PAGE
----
• Your unit has a high pressure switch standard. Low pressure switch would be a field installed option. Your contractor could put a device called a “tattle tale” on the switch. This would tell him if that is the problem.
      While he is working on the unit he could bypass the switch and see what happens but he cannot leave the safety bypassed when he leaves. The tattle tale will tell him if the switch is the problem.
      He should also check the contactor and make sure he has proper voltage from the indoor unit to the outdoor unit.

  13. TexasHeat says:

    I have a York (Model: MC48C3XH1;Serial: WON9423359) and recently when the air conditioner turns on I can hear the unit outside turn on then turn off, then quickly turn back on. It keeps doing this for 3-4 times and then remains on until the thermostat reaches the set temperature and stops. I’ve replaced the capacitor and connector but to no avail. Same symptoms. A previous tech came out and said the electrical readings were normal and refrigerant levels normal. Any thoughts? Have scheduled a different tech to come out but I wanted to get your feedback. I’ve cleaned the outside unit and replaced the air filter.

    • Your tech needs to see if he main. Contactor is opening. If it is, it is either a problem with the thermostat, safeties, or the contactor itself. If it is staying closed, then you might need a start assist kit to get the compressor started. You could have low line voltage or the compressor is drawing high Amps at start up causing an internal overload to trip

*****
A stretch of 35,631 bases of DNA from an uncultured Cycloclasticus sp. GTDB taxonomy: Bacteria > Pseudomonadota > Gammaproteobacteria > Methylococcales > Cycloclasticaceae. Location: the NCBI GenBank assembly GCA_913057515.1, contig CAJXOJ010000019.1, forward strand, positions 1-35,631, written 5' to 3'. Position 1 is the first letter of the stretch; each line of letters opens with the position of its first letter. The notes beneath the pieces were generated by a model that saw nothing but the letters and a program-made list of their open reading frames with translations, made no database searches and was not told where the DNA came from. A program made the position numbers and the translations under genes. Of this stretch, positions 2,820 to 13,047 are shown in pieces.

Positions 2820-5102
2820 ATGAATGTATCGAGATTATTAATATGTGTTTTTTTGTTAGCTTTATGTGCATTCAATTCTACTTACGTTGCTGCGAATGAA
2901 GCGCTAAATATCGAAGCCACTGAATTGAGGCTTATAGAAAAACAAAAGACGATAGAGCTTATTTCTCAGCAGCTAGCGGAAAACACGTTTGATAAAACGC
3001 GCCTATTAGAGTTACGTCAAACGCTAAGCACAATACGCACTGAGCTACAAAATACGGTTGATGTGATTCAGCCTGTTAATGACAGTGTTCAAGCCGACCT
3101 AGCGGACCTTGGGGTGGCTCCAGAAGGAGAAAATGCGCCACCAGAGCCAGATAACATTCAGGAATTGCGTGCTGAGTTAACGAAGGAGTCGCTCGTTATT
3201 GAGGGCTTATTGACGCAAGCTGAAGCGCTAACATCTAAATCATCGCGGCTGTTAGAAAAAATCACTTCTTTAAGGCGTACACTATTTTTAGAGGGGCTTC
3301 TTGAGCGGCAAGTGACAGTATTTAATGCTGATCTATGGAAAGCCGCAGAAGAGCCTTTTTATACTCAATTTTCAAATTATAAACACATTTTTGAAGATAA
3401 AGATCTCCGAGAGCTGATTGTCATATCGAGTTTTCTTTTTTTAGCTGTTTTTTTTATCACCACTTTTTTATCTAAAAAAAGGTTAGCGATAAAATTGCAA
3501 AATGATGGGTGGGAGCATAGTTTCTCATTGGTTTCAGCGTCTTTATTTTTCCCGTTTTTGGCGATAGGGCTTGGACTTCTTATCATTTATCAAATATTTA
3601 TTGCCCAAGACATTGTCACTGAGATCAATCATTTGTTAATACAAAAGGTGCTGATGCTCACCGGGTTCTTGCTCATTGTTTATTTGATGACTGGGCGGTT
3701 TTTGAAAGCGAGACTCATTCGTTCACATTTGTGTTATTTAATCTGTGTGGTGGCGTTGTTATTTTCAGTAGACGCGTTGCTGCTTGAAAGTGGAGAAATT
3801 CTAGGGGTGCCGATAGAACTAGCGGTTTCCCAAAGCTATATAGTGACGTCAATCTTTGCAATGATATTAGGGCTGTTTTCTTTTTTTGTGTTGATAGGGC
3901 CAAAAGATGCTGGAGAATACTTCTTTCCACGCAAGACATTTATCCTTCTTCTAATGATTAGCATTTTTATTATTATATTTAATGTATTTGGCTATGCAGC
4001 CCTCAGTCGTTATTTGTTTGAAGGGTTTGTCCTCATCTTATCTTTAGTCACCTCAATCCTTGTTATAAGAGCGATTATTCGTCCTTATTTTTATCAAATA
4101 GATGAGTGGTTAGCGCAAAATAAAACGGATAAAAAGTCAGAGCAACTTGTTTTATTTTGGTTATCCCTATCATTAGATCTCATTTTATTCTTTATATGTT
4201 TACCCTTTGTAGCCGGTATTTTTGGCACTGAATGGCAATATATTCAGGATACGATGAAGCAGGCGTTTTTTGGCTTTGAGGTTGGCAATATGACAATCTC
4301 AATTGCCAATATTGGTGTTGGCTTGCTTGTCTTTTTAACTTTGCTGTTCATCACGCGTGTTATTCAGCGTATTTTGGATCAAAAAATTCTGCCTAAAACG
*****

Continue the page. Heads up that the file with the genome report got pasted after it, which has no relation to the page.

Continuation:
14. Dru says:

    I have a Older York Rooftop Package, runs great up until a week ago the AC stopped. The unit turns on Blower runs,the compressor starts up fan runs, then about 5-7 minutes later the compressor fan shuts off then the compressor shuts off. I try to restart but the compressor starts but not the compressor fan and then about 30 seconds the compressor shuts off again. once unit has cooled down for a while the compressor fan will start with the compressor and start all over again for about 5-7 minutes. Has good pressure on High 180 and Low 70 side. any thoughts ?

  15. Brandon says:

    Have an older York roof top unit that was reading a low pressure lockout when the service man came and put gauges on and said it was a little low so he went ahead and recharged it. The next morning came into work and the unit wasn’t working again so checked it and this time it has a 3 code which is high pressure lockout. Thought it could be the condenser fan motor so replaced with a new I had on hand, but still get the same code. Do you have any suggestions? Could have the service man over charged the unit?

    • Did you change the fan capacitor? Is the condenser coil clean? Depending on the age and size, some units had “split” condenser coils with a “front and rear” coil arrangement. Outer coil could be clean but the inner coil is dirty. Adding refrigerant with dirty coils could cause the pressure switch to trip. It could be an overcharge. Flash code are there for assisting in the diagnostic process but the cause still need to be determined by doing a thorough checking of the possible causes.

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    good Day? Please subscribe me